We might want to rethink that, says Harville Hendrix, PhD, a groundbreaking marital therapist. Not only isn't love a feeling—love isn't even an it. "Real love," says Hendrix, looking slightly professorial in a plum-colored sweater, "is a verb. It's a behavior in which the welfare of another person is the primary intention and goal."
While he speaks, his wife, Helen Hunt (not that Helen Hunt—this one helps run their seminars and has coauthored several books with him), listens intently (she and Hendrix were "the living laboratory" for their theories, she interjects) and occasionally touches his arm. "Love as a feeling is ephemeral and goes away when circumstances change," Hendrix says. "Love as a verb isn't dependent on how you feel or even what you think. Instead you make an unconditional commitment to the other person."
As for those who believe you have to merit love (they include no lesser minds than William Butler Yeats, as well as enrollees in the School of Tit for Tat: You know who you are), Hendrix begs to differ. "You can't earn real love," he says. "It's not subject to how good you are or whether you're pleasing to your partner all the time. So there's a kind of detachment—you simply hold your partner's experience when they're going through changing emotions. You can ask, 'Is the experience you're having right now somehow triggered by me?' Sometimes it's not. People can have stresses you don't know about. But if it is, then you can follow up with, 'What relational transactions are stirring up your discomfort with me?' The point is, you're committed to what is real. Namely, your partner. But most of us 'love' an image rather than the real person." He pauses, then looks at his wife. "What would you add to that, Helen?"
"Well, I would say real love is about going to a different destination," she says, giving the conversation a quarter turn with a certain exuberant sweetness. "You become conscious that there is a space between the two of you, and that's where the relationship resides."
"That really needs to be amplified," he says, "The between-ness is the locale of love. It's outside us." That's why the proverbial urge to merge is, according to Hendrix, an itch best left unscratched. "In 'romantic' love, you think, My lover and I are one. Technically, we call this symbiotic fusion, which means: You live in my world; therefore, if I like chocolate, you like chocolate. In real love, your partner is clearly differentiated from you. It's an altered state of consciousness to know that you live with another person—that other people exist who do not match your inner image of them."
With this deep level of acknowledgment—this ticket to what Hunt calls the new country—comes an end to judgment. That's not to say you wake up delighted by all of your beloved's previously irksome habits. But rather than blame, Hendrix says, you can state directly and kindly what you want ("I would like to meet you at 7"), protect yourself (by, say, deciding to hook up indoors rather than on a corner in subzero weather), and try to understand what's going on inside your partner's head.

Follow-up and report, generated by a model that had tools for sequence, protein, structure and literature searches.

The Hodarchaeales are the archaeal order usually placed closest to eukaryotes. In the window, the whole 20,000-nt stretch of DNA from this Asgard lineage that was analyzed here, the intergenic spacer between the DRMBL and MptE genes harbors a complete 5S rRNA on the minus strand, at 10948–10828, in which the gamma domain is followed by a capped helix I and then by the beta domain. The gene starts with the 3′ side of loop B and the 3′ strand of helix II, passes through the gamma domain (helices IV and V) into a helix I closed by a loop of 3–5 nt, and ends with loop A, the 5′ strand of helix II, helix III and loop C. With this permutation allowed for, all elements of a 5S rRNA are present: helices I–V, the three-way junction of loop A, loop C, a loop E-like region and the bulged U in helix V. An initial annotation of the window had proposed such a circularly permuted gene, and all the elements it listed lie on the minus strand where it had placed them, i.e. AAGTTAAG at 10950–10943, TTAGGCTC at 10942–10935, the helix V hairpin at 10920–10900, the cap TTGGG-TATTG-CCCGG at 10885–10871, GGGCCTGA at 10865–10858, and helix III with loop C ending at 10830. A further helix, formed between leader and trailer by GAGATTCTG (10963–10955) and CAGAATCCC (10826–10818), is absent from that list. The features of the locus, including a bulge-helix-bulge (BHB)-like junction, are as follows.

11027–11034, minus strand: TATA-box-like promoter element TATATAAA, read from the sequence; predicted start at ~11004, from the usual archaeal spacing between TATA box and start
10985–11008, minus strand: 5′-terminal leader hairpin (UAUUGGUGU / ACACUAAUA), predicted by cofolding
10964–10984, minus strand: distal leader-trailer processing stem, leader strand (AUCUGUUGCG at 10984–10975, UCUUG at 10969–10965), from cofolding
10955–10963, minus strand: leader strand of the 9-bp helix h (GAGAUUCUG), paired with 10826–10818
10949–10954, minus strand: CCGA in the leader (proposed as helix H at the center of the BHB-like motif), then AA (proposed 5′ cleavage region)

Even when there's a breach of trust—infidelity, for instance—Hendrix and Hunt caution against a quick split. Instead, says Hunt, "you have to get curious with your partner about why they're doing whatever they're doing. Ask—then stop talking and stop judging, and become a safe person to confide in. The sense of judgment and criticism is what can make our partners feel like such a failure that they seek another avenue to express their passion."
Next: Why there's no such thing as "constructive criticism" when it comes to love
No matter what the circumstances, the one thing you should never do, Hendrix and Hunt say, is find fault. Raise the notion of constructive criticism and they laugh ruefully. "That's very dangerous," Hunt says. "It's an invitation for self-righteousness."
"Criticism is abuse," Hendrix says. "There's no way around it. Because it means, 'You're not good, you're not right, something's wrong with you, and I'm trying to fix it.'" What your partner needs more than anything is simply to feel validated, in large part because most of us grew up feeling that love was conditional on meeting someone else's expectations.
Having weathered a crisis in their own marriage (they've been together for 26 years but got to real love only in the past five or six, they agree), Hendrix and Hunt know how much work—even pain—is involved. "My empathy and patience for the people I counsel have changed," Hendrix says.
"Something I've learned is that real love is counterinstinctual. We're designed as creatures to protect ourselves and to survive, and therefore we go after what we need. But with real love, you commit to the survival of the other person. And that has a paradoxical effect: Your survival is secured because when you surrender your focus on getting your own needs met, your relationship with your partner will change. It's not manipulative—you're genuinely caring for your partner, who knows it. Helen and I still have our differences, but they're like a ripple on the surface of an ocean. It touches me even to think about it, that I feel so safe and valued.
"In courtship," he says, "you're trying to win the partner, keep the partner, stir up passion. With real love, the behaviors look the same but they arise out of the depth of the relationship and are expressed as a sense of gratitude. They come from within to reflect a state of being rather than to generate emotions."
Hunt weighs in: "You have both learned to create the sacred space between two people."
"When you read, 'Here's what to do to get your man to stay,' or to love you, there's an outcome you want," Hendrix says. "In real love, you're already in the outcome."
More on Love and Relationships